The lines depicting the “ponds of blood” being douched “into the street and
gutter” further reduces the deaths from tragedy to commonplace. (note:
douche didn’t have all the cultural baggage in 1942 as it does today. It simply
meant a shower of water.)
One hangs lanterns on the wrecks that cling, Empty husks of locusts, to iron poles.
This image of the wrecked cars clinging to the poles like “empty husks of
locusts” is one of my favorites in poetry. It is one of the few perfect moments
in poetry in which the image so captures the reality that I no longer can think
of anything else when I think of a car crash.
Our throats were tight as tourniquets, Our feet were bound with splints, but now, Like convalescents intimate and gauche,
This reversal of the bystanders now being the injured, and perhaps even
greater victims because they are survivors whose complacent sense of life
and their place in it has been shaken. They are now unbalanced by the
instant recognition of their mortality being unrelated to their morality.
I love the line “Like convalescents intimate and gauche” because it throws the
bystanders together, as do all tragedies, in their shared experience. But the
narrator uses two contrasting ideas: there is a mutual, almost sacred,
intimacy because all social pretense is stripped away, like people
shipwrecked on an island. Yet, at the same time, they are gauche (meaning
socially awkward, unsophisticated), suggesting they don’t have an effective
way to communicate to each other how they are feeling—the fear, the
In the movie Bang the Drum Slowly, Henry Wiggins says,
“Everybody knows everybody is dying; that's why people are as good as they
are.” On a broader scale, that’s what these bystanders are also feeling and
what the poem wants us to feel at the end. (note: The movie is based on a
novel by Mark Harris, one of my favorite writers. But in the scene I just sited
above, which Mark Harris also wrote, he actually improved upon the original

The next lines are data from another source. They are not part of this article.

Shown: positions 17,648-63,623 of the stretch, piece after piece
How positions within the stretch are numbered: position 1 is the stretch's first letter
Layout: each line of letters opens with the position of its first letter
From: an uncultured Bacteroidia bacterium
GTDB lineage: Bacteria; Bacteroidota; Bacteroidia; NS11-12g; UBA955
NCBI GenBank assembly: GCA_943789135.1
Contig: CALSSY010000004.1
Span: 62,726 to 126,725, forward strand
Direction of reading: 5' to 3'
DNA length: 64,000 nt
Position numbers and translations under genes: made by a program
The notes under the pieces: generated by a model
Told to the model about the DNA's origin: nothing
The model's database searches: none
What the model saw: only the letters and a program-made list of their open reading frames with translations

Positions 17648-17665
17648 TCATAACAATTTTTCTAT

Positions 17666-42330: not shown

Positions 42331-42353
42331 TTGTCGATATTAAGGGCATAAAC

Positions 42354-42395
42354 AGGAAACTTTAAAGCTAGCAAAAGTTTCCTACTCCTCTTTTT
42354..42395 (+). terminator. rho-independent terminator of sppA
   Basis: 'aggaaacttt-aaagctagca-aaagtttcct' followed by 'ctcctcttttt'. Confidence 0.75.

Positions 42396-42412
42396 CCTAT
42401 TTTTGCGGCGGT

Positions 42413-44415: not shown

line in the novel: "’Everybody knows everybody is dying’, I said. ‘That is why
people are nice. You all die soon enough, so why not be nice to each other?’”
The rhythm of the line as well as its meaning were sharpened in the script.)
We speak through sickly smiles and warn With the stubborn saw of common sense, The grim joke and the banal resolution.
These three lines express the level of inarticulate and “gauche” the
bystanders are in expressing just how deranged and unsettled they feel. They
force smiles. They repeat “common sense” saws (“saw” defined here as a
proverb or maxim) like “accidents happen” or “you have to always drive
defensively.” The phrase “common sense” here indicates a comforting cliché
that is our way of making sense of the accident, of seeking some cause. The
“banal resolution”—such as “I’m never going to speed again” or “I’m going to
cherish every minute”—is another coping device for the unexpected
reminder of our fragility and insignificance.
Whenever humans are faced with a disaster that goes against their notions
of right and wrong, they look for an explanation that comforts them. We are
obsessed with there being a definable cause. If we can identify that cause,
we can protect ourselves. But accidents and natural disasters and pandemics
don’t adhere to our notions of fair play when it comes to cause-and-effect.
We are impotent to protect ourselves.
The traffic moves around with care, But we remain, touching a wound That opens to our richest horror.
BEHOLD: “touching a wound that opens to our richest horror” is one of the
most powerful and memorable lines I’ve ever read in anything. The
combination of “richest” with “horror” carries a thumping impact. The line
comes back to me over and over again whenever I encounter something
terrifying in life or in humanity. Calling our existential angst a “wound”
suggests that it is always there, never healed, an opening to what we fear
most: that we are insignificant in the grand cycle of nature. That there is no
afterlife, no reward—just oblivion.
Already old, the question Who shall die? Becomes unspoken Who is innocent?
These last two lines of the stanza get right to the point: When we ask who
shall die we’re really asking who deserves to die. Which brings us to the
question: Who is innocent? The poem has led us down two paths, the
religious and the secular, and they both come to the same conclusion: no
one is innocent. The Old Testament would state that all humanity is guilty of
Original Sin and therefore condemned to death. The secular would say that
guilt or innocence doesn’t matter since nature is indifferent to our moral
notions. Either way, dead is dead. And there is nothing we can do to change
For death in war is done by hands; Suicide has cause and stillbirth, logic; And cancer, simple as a flower, blooms.
These three lines give a list of the logical causes of death that we can all
accept: war, suicide, stillbirth, and cancer. Yet, our acceptance of them is
based more on repetition than understanding. We understand the medical